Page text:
The top Chinese also line up with the ball.before swinging forward on their practice strokes.  Most amateurs who.dont have tight backswings often just swing from where their backswing ends and this is often behind the body if you don't line up with the ball before coming forward.  Chickenwinging usually means you don't backswing out of line with the ball so you swing straight into it.  So for most players who haven't learned to control their elbow position on the backswing and line up before swinging forward, they will get more consistent Results with a chickenwing backswing because their core rotation will track their swing. Better and their upper arm will be better supported by their body on both backswing and forward swing. 


Edited by NextLevel - 07/28/2020 at 5:32am
I like putting heavy topspin on the ball...
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Post Options Post Options   Thanks (0) Thanks(0)   Quote ghostzen Quote  Post ReplyReply Direct Link To This Post Posted: 07/28/2020 at 5:43am
nice NL Thumbs Up
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Post Options Post Options   Thanks (0) Thanks(0)   Quote blahness Quote  Post ReplyReply Direct Link To This Post Posted: 07/28/2020 at 7:11am
Tbh the straight arm forehand is a misnomer. The arm is actually mostly bent at roughly 90 deg with the elbow close to the body. Then as your swing towards the ball, your forearm will lag a bit which straightens it out in preparation for the powerful contraction during the stroke. 

So it goes from bent - straight - bent.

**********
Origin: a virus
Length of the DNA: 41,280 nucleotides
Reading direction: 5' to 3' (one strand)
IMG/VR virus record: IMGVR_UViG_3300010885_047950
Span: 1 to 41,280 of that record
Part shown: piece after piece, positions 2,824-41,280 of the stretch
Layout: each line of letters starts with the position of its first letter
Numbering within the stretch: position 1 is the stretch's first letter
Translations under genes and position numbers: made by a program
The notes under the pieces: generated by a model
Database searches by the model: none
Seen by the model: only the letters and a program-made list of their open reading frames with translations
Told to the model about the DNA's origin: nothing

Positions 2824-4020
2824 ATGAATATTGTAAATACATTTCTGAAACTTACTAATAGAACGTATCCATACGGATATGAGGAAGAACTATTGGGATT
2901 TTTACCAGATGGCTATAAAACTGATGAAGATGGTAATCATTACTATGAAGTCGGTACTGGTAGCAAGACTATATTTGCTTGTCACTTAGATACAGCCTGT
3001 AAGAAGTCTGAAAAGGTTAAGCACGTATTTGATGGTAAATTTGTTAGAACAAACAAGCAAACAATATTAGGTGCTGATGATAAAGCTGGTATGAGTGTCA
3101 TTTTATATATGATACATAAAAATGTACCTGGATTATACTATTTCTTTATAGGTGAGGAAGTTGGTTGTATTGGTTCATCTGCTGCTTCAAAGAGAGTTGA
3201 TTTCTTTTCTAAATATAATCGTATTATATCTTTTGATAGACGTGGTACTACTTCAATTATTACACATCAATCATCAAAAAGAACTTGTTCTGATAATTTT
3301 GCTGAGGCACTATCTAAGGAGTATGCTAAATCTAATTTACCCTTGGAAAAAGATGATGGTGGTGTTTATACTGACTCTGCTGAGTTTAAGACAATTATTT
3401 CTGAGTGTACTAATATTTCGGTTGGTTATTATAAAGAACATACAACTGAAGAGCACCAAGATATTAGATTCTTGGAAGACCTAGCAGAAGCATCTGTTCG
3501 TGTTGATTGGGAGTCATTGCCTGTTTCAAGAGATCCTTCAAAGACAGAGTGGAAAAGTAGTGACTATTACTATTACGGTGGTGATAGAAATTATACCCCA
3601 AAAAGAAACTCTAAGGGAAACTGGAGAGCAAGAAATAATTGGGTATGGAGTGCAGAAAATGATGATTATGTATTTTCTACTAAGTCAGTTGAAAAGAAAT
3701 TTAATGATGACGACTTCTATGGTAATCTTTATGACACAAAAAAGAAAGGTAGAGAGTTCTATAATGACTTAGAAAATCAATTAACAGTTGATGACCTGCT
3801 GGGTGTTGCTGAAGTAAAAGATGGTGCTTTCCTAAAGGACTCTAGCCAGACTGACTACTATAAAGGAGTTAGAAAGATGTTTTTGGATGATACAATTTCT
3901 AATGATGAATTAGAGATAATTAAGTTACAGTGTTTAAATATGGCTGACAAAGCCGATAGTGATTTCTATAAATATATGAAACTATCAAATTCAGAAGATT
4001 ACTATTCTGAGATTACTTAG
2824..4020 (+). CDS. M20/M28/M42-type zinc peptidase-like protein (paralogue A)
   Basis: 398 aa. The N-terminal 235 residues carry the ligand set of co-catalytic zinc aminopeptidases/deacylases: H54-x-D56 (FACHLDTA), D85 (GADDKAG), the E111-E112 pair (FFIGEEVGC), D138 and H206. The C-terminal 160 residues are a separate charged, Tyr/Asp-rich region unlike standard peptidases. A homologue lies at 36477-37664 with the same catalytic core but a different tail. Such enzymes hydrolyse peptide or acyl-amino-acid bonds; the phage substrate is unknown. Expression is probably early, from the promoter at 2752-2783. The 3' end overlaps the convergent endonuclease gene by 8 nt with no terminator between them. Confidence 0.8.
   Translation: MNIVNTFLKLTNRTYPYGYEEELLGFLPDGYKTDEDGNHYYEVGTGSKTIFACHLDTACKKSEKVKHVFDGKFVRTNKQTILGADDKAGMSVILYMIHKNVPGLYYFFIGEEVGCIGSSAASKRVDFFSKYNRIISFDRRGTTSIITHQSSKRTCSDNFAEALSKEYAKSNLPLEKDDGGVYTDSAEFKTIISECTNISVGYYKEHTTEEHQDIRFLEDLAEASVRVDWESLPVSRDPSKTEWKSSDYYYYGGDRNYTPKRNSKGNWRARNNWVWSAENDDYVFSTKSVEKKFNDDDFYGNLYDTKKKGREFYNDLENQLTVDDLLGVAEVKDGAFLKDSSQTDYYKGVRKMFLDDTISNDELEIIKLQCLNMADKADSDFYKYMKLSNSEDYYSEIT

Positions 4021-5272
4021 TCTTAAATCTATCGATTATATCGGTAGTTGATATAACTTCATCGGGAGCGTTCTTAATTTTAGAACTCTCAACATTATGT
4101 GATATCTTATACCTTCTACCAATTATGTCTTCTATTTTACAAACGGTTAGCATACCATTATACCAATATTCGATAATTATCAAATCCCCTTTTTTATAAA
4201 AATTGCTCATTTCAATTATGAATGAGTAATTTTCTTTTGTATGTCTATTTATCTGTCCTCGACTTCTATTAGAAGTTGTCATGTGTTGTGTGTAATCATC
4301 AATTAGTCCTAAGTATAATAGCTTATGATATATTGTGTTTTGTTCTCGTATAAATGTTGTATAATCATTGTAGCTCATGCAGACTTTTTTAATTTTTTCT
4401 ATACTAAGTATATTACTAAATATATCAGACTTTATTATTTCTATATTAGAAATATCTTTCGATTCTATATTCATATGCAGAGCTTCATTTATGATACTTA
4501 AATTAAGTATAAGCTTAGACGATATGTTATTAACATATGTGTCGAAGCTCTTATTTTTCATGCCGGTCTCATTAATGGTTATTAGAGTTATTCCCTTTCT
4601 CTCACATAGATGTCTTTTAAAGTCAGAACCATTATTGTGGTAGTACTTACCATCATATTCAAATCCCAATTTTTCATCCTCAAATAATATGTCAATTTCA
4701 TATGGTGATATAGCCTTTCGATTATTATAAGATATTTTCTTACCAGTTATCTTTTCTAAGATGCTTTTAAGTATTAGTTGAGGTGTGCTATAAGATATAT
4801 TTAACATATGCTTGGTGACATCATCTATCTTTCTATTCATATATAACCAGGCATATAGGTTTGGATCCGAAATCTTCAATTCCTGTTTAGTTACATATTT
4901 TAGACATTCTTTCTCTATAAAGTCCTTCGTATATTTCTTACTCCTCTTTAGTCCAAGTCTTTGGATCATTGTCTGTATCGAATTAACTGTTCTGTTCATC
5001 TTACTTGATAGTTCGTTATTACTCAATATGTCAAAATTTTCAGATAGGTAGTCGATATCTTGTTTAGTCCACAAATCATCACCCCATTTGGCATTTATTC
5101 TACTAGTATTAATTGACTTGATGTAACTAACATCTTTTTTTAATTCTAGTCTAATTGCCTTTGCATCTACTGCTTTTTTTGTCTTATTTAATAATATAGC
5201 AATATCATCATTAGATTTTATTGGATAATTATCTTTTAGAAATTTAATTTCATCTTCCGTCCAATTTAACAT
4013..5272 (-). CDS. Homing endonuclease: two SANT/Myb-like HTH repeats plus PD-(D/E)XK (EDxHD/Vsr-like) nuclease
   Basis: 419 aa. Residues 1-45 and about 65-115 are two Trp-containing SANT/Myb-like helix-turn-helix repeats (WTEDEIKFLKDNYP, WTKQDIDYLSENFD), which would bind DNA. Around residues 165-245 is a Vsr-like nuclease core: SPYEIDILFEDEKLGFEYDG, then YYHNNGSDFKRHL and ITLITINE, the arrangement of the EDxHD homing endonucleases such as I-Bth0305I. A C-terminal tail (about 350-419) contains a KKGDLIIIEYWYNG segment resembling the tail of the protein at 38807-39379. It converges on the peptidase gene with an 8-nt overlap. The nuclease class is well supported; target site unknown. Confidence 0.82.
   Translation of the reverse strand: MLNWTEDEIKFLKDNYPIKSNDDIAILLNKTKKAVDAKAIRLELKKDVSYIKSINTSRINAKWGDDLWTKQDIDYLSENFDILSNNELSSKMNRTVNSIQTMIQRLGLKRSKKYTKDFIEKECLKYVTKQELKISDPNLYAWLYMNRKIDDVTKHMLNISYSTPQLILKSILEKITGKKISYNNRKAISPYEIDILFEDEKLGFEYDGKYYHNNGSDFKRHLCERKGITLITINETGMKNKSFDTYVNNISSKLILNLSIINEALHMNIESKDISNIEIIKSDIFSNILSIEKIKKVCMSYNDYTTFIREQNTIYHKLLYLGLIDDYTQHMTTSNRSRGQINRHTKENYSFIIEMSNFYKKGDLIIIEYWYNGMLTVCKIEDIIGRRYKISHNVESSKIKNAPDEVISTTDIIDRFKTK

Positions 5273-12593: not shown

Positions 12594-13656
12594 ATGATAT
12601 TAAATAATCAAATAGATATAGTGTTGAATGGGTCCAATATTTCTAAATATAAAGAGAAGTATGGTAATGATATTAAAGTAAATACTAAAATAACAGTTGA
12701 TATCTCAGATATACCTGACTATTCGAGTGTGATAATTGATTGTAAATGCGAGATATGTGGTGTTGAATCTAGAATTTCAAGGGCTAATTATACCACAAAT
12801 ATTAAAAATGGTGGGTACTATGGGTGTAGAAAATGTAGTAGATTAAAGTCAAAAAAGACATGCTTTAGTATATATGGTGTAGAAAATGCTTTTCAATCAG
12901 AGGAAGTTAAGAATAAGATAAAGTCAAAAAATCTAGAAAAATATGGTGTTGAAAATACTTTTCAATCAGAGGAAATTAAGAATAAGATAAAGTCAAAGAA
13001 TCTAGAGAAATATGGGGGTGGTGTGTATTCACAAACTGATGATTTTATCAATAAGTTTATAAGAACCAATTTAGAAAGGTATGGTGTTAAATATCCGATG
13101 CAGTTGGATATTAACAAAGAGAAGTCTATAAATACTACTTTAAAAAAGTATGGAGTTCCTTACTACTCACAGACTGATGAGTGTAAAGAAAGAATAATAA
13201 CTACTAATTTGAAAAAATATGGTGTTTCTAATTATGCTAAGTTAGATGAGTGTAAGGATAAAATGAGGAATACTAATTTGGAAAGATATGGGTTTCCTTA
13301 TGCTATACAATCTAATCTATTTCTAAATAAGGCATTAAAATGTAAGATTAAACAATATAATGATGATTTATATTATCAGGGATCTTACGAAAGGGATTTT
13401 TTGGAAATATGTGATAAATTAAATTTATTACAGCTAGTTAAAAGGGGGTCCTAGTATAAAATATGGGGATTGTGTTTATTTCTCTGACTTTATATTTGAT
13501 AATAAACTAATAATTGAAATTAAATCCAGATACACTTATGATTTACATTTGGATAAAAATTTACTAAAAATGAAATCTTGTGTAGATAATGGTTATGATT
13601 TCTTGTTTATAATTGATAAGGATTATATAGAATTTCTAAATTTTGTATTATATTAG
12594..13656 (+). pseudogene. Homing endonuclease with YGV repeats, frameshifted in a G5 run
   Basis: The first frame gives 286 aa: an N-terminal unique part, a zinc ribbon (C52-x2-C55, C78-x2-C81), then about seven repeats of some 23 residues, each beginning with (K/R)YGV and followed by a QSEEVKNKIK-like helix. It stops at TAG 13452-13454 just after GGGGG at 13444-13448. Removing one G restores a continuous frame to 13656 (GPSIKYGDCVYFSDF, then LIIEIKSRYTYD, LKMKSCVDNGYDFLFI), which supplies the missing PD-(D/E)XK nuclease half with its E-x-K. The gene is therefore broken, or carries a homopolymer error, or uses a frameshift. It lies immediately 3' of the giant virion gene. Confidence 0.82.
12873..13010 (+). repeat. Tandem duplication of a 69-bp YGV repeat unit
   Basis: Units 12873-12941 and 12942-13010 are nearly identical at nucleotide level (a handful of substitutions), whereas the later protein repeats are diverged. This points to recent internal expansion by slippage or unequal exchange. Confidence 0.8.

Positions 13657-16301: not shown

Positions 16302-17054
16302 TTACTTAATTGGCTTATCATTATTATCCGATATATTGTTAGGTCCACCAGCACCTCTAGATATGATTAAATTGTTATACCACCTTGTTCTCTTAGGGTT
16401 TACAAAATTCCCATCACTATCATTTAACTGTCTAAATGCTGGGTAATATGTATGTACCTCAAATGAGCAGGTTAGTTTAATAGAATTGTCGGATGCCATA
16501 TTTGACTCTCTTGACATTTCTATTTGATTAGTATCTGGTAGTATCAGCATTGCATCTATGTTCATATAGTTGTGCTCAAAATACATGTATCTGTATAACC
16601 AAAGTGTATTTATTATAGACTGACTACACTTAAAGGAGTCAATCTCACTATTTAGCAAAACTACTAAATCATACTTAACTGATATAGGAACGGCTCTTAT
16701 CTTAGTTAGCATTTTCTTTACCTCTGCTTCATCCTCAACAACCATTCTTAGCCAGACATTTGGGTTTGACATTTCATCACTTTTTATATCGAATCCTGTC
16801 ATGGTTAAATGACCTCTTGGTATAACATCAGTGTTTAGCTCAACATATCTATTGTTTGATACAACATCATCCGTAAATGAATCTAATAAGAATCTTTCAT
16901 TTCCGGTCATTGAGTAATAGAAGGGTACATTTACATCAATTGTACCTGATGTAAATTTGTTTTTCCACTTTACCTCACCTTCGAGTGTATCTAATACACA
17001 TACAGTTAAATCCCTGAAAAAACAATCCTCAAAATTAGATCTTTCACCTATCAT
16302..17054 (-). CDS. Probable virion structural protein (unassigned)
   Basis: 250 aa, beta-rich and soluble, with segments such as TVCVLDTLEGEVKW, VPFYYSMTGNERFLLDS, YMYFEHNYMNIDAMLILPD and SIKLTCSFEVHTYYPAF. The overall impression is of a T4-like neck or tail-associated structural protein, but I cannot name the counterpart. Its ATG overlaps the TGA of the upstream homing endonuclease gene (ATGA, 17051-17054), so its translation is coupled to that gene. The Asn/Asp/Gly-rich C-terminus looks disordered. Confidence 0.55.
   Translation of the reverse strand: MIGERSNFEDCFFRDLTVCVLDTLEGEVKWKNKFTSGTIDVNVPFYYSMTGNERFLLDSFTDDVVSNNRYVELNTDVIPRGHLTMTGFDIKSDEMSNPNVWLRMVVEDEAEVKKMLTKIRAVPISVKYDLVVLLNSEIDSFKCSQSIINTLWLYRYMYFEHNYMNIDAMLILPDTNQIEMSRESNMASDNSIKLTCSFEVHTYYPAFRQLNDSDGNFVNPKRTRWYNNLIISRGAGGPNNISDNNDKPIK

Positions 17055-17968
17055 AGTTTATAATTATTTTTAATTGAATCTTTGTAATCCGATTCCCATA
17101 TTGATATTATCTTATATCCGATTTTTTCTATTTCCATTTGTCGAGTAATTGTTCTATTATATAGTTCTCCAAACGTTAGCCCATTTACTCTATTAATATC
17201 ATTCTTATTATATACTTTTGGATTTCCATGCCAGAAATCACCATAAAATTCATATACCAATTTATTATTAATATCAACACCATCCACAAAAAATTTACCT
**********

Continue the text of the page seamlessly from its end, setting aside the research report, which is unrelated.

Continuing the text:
If the arm is still straight during the backswing, then firstly you don't get a chance to relax your arm so there's less explosiveness. Secondly the straight arm makes your backswing slower due to the additional rotational inertia. 

So going from bent - straight - bent allows you to have the best of both worlds, having a compact and quick backswing and also being able to contract during the stroke for some sweet extra acceleration.
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Post Options Post Options   Thanks (0) Thanks(0)   Quote cole_ely Quote  Post ReplyReply Direct Link To This Post Posted: 07/28/2020 at 7:29am
sometimes when I catch the ball close to my body it feels like the power transfers better from my feet and body. Otherwise I probably use too much arm

Edited by cole_ely - 07/28/2020 at 7:30am
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Please let me know if I can be of assistance.
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Post Options Post Options   Thanks (0) Thanks(0)   Quote mjamja Quote  Post ReplyReply Direct Link To This Post Posted: 07/28/2020 at 4:47pm
Thanks guys.  I should have been more clear.  I have always used a bent arm Euro stroke.  What I changed was from a neutral (what I see in most players) wrist to the cocked forward wrist position that is so apparent in the Maze-Liquin video.  This extreme forward cocking of the wrist just seems to make everything work differently.

Mark
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Post Options Post Options   Thanks (0) Thanks(0)   Quote NextLevel Quote  Post ReplyReply Direct Link To This Post Posted: 07/28/2020 at 4:56pm
Originally posted by mjamja mjamja wrote:

Thanks guys.  I should have been more clear.  I have always used a bent arm Euro stroke.  What I changed was from a neutral (what I see in most players) wrist to the cocked forward wrist position that is so apparent in the Maze-Liquin video.  This extreme forward cocking of the wrist just seems to make everything work differently.

Mark

It varies - it probably has its limitations as well.  You are possibly hitting the ball a bit more solidly on the side and also, your stroke now allows the rotation of the elbow that powers the wrist to add more forward motion to the ball.  But there are some limitations in flicking or playing fade shots if you don't know how to adapt your grip.  My position on these things in general is to find something that gives you a good stroke and over time feel comfortable switching your grip to use the technique you want to use.